Node Package Manager (NPM), the primary source for Node.js modules, had been exposing registry users’ password hashes for quite some time NPM creator and Node.js gatekeeper Isaac Schlueter disclosed today. Schlueter wrote that although the passwords themselves were not leaked, he still strongly recommends that users change their passwords in NPM and anywhere else they used the same password. This shouldn’t affect most Node.js developers, only those maintaining packages in NPM, but Jeremy Ashkenas posted Schlueter’s e-mail on Github for anyone who wants the full details.
Part of why I wanted to highlight this incident is because of how the problem happened. According to Schlueter: “To do login, npm uses the /_users database in couchdb. By default, CouchDB prior to version 1.2.0 makes this database world-readable.”
To fix it, NPM is now using Apache CouchDB 1.2.0. But as pointed out by on Hacker News, the latest stable build of CouchDB is 1.1.1.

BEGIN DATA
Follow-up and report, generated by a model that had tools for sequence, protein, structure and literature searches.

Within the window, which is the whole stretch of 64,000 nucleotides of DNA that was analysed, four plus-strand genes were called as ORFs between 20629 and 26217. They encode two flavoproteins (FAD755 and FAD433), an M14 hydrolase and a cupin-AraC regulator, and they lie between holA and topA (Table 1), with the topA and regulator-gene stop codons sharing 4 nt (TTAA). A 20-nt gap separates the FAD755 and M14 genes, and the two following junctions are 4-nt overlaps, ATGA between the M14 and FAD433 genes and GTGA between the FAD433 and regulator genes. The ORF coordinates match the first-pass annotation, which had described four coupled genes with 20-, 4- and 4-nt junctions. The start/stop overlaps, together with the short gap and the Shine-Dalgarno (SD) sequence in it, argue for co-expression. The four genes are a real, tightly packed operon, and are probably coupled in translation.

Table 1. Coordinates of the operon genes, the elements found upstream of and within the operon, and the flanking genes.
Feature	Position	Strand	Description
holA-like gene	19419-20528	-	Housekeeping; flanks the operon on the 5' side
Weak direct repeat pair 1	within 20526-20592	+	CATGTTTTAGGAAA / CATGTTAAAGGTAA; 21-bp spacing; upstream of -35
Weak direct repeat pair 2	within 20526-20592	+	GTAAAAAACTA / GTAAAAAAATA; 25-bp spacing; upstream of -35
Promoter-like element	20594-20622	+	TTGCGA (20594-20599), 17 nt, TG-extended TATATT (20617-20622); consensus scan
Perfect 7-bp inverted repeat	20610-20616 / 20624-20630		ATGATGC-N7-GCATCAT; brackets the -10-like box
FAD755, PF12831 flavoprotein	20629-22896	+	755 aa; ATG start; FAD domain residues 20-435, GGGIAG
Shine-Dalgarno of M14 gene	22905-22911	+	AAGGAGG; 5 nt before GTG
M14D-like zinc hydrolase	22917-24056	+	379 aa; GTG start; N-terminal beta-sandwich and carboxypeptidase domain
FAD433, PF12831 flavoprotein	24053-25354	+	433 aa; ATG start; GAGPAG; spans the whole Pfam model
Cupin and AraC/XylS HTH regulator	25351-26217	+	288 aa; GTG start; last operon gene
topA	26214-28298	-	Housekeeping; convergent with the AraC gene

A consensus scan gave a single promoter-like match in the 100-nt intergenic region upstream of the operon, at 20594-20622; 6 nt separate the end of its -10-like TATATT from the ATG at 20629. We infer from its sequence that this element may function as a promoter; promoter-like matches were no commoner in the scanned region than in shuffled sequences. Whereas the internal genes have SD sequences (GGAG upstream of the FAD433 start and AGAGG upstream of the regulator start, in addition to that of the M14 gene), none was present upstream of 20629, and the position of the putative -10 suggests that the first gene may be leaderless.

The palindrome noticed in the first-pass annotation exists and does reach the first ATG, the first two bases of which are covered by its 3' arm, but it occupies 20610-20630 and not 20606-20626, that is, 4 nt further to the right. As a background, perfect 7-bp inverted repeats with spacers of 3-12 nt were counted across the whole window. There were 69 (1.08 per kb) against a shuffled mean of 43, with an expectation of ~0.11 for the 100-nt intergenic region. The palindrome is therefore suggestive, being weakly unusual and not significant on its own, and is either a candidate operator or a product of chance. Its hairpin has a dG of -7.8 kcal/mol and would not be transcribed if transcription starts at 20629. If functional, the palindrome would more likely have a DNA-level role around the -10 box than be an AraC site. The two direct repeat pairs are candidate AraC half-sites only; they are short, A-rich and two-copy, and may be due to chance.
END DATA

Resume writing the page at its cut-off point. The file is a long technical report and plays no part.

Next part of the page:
For those not ready to upgrade to 1.2.0 CouchDB developer Jan Lehnardt suggests restricting access to /_users with a proxy.
This SNAFU reminds me of this weekend’s Ruby on Rails/Github security incident, where a default setting lead sharp otherwise developers to make critical security errors. There’s a lesson in both these incidence for developers of both platforms and the developers who use the platforms.
The good news of course is that the CouchDB is changing this default behavior. The bad news is that it took this long for the problem with NPM to be noticed and fixed.
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Prior to SiliconAngle he was a writer for ReadWriteWeb. He's also a
former IT practicioner, and has written about technology for over a
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